For his entire life, Valentin Rakip has felt like a foreigner in his own country. But after a 12-year legal struggle, all that is about to change – and he may even be on the path to achieving his dream of becoming a chef.
Until just a few days ago, Valentin, 20, from Skopje, the capital of North Macedonia, was one of millions of stateless people around the world. With no legal identity, he was never able to do things most of us take for granted, such as enrolling in high school, having a medical or dental check-up, getting legal employment, or traveling outside his country.
Despite being born in North Macedonia, “I feel like a foreigner in this country,” he said with obvious pain.
Valentin fell into this limbo because his mother, a Serbian national, did not register his birth or those of his three brothers and three sisters, and his father, a Macedonian citizen, did not acknowledge paternity. His mother deserted the family repeatedly during his childhood and left them and the country for good after his father died five years ago.
"I feel like a foreigner in this country."
That left Valentin and his siblings to fend for themselves in a ramshackle house in one of the poorest areas of the city, having only their friends and kindhearted people to rely on.
It has taken more than half his life, but thanks to UNHCR, the UN Refugee Agency, and a partner, the Macedonian Young Lawyers Association, Valentin has finally gained full citizenship and will soon receive his first national ID card. With free legal representation by a lawyer from the association, Valentin managed to register his birth in 2017 and at the end of last year, a court confirmed the paternity of his father, paving the way for Valentin to acquire nationality nine months later. Once Valentin receives an ID card, it will open the door to all the legal rights of a citizen.
In 2014, UNHCR launched the #iBelong campaign to end global statelessness within 10 years. The nature of the problem means it’s impossible to say precisely how many stateless people there are in the world, but in North Macedonia, UNHCR estimates there are at least 700 stateless people.
Some, like Valentin, do not have birth certificates because their births were not registered in time. Others became stateless when former Yugoslavia broke apart in 1991.
“It takes years of patient work to resolve statelessness,” said Monica Sandri, UNHCR Representative in North Macedonia, “and requires a coalition working towards this goal – the government, United Nations, private sector, media, academia, the whole society.
“As our goal is to help all the stateless people in this country acquire citizenship by 2024, we have to look ahead to what we want to achieve and map out all the steps we need to take to get there to make sure no one is left behind,” she added.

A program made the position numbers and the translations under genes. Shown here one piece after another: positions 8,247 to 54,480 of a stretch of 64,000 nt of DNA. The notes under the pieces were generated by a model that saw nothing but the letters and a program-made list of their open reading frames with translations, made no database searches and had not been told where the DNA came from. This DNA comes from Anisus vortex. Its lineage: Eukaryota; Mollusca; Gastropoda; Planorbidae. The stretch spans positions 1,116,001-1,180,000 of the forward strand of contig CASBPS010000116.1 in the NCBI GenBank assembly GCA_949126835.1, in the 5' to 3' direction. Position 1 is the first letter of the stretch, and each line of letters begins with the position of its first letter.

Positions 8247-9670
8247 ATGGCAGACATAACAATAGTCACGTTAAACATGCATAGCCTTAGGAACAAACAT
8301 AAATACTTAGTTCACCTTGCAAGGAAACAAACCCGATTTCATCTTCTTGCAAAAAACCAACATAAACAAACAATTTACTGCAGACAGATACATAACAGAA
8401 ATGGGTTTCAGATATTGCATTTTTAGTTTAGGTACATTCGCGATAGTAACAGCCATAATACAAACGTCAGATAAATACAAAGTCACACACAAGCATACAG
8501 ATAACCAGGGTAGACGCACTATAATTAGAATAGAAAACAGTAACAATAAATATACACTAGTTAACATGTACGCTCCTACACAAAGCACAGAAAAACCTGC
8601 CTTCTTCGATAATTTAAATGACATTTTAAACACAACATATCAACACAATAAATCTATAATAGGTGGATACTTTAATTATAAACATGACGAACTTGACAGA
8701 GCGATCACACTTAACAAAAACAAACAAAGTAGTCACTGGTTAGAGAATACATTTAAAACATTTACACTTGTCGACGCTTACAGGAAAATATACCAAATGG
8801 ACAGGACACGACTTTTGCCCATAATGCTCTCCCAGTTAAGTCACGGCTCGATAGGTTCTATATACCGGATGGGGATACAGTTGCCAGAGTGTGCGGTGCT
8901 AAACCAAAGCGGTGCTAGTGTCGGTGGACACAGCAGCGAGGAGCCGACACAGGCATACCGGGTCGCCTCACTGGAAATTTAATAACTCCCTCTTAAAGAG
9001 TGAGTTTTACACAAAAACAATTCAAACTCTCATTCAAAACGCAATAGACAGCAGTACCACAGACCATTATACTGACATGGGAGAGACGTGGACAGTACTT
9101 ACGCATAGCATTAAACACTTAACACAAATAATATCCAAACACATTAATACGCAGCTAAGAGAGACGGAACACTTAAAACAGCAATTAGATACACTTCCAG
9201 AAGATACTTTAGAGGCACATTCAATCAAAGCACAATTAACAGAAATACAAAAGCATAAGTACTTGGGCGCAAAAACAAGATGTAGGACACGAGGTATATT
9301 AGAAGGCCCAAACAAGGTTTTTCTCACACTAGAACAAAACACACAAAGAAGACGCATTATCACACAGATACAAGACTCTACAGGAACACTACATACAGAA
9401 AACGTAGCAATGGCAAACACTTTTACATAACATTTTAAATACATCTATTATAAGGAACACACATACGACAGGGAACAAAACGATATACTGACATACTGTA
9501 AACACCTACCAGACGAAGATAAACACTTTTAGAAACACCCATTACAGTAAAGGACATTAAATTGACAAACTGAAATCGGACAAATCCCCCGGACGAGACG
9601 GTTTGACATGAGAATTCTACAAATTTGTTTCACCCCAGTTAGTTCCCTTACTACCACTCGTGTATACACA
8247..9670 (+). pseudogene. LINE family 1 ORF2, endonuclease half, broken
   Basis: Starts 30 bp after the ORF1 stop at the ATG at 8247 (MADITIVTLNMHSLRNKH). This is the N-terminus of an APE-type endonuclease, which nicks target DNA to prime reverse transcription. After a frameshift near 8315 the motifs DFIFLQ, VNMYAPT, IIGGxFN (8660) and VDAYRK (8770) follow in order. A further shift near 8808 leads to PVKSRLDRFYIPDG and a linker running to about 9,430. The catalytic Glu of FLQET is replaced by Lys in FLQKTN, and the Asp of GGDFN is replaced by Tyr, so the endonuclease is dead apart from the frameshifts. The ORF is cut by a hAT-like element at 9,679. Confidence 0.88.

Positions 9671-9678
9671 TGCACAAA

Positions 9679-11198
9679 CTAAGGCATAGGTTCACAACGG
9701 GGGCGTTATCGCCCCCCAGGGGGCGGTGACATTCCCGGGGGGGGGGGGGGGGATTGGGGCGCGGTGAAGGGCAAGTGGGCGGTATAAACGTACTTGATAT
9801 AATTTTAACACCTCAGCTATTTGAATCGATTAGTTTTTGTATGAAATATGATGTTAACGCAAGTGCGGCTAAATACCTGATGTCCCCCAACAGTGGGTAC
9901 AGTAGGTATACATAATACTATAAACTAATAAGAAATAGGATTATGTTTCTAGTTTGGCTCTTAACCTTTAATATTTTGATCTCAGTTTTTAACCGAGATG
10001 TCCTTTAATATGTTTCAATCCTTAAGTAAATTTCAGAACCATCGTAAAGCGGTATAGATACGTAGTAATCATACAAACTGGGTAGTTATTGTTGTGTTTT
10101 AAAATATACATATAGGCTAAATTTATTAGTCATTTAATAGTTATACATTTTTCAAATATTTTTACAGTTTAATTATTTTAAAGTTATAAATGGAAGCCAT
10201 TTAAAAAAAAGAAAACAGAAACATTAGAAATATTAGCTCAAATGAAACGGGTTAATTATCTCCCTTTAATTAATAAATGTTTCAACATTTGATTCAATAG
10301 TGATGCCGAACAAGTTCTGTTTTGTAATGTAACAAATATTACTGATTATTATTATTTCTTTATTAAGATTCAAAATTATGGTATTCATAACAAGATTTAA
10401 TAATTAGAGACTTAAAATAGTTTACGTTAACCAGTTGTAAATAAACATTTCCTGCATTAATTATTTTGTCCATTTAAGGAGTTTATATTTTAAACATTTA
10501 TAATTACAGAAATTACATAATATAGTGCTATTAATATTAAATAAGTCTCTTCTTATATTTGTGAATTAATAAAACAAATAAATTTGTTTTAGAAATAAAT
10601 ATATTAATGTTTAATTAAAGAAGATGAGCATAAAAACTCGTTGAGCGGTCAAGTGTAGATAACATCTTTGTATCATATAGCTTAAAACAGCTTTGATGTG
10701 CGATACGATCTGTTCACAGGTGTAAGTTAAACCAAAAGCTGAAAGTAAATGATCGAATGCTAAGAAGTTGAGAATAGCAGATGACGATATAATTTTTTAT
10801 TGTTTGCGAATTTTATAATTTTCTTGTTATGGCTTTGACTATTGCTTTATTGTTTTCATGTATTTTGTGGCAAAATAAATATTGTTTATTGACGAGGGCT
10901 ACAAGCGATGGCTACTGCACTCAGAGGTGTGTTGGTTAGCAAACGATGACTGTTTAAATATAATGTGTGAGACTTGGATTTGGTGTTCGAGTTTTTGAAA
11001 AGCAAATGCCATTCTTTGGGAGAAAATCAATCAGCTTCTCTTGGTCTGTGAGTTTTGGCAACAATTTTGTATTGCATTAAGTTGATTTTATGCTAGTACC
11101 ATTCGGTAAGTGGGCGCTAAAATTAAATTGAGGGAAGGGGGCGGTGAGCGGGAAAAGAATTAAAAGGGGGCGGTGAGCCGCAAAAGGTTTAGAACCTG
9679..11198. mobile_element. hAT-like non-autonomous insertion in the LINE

With this in mind, UNHCR's operation in North Macedonia is embracing an ambitious multi-year approach that focuses on solutions, such as helping Valentin and others in similar situations resolve their statelessness.
North Macedonia is one of 24 UNHCR country operations worldwide that are adopting a similar mid- to long-term approach, and by 2024, the entire organization will transition to this longer-range planning model.
Although the second youngest of seven siblings, Valentin was the glue that held the band of parentless children together. They also relied on life-saving support from a charity, the Daycare Centre for Street Children.
The charity looked after the children when the parents were absent, supplied them with food, and imparted meaningful lessons. “From them I learned confidence and culture,” said Valentin. “I learned everything from them, how to become a human being, how to work. If it wasn’t for them, I don’t know what I would be doing now.”
Deprived of the opportunity to go to high school, Valentin and his siblings have had to rely on informal work, such as selling clothes at an outdoor market. He was taken under the wing of a mentor at Association Public, sold a street magazine called Face to Face (Lice v Lice in Macedonian) and began to acquire skills to become employable.
"I see that I am good at whatever I try."
At first, Valentin was so defeated he could not even imagine a future for himself. His mentor, Magdalena Chadinoska Kuzmanoski, recalls that he could not tell her what he wanted to do because “nobody had asked him that before, so he didn’t know how to respond”.
Once he identified an interest in becoming a chef, Kuzmanoski arranged an internship for him at a burger restaurant, an experience that boosted Valentin’s confidence. “I see that I am good at whatever I try,” said the young man.
“From day one of training, they have praised me. They would even employ me as early as next week, but because I don't have documents, they cannot yet.”
That is now about to change. Once he has his ID card, Valentin plans to enroll in high school, become regularly employed at the burger restaurant, pursue culinary training, get a passport and travel outside the country for the first time in his life.
And he hopes many others will benefit from gaining a legal identity. “It's not only me out there," said Valentin. “There are many people in the country who do not have documents. I would like to send an appeal to everyone to resolve not only my case, but to also resolve the cases of everybody else in my situation.”
Now that his legal marathon is over, Valentin is eager to start building the life he always dreamed of and to feel like he belongs. “It will feel like home when I have a house, health insurance, a job; when I have a good life like other citizens who have rights.”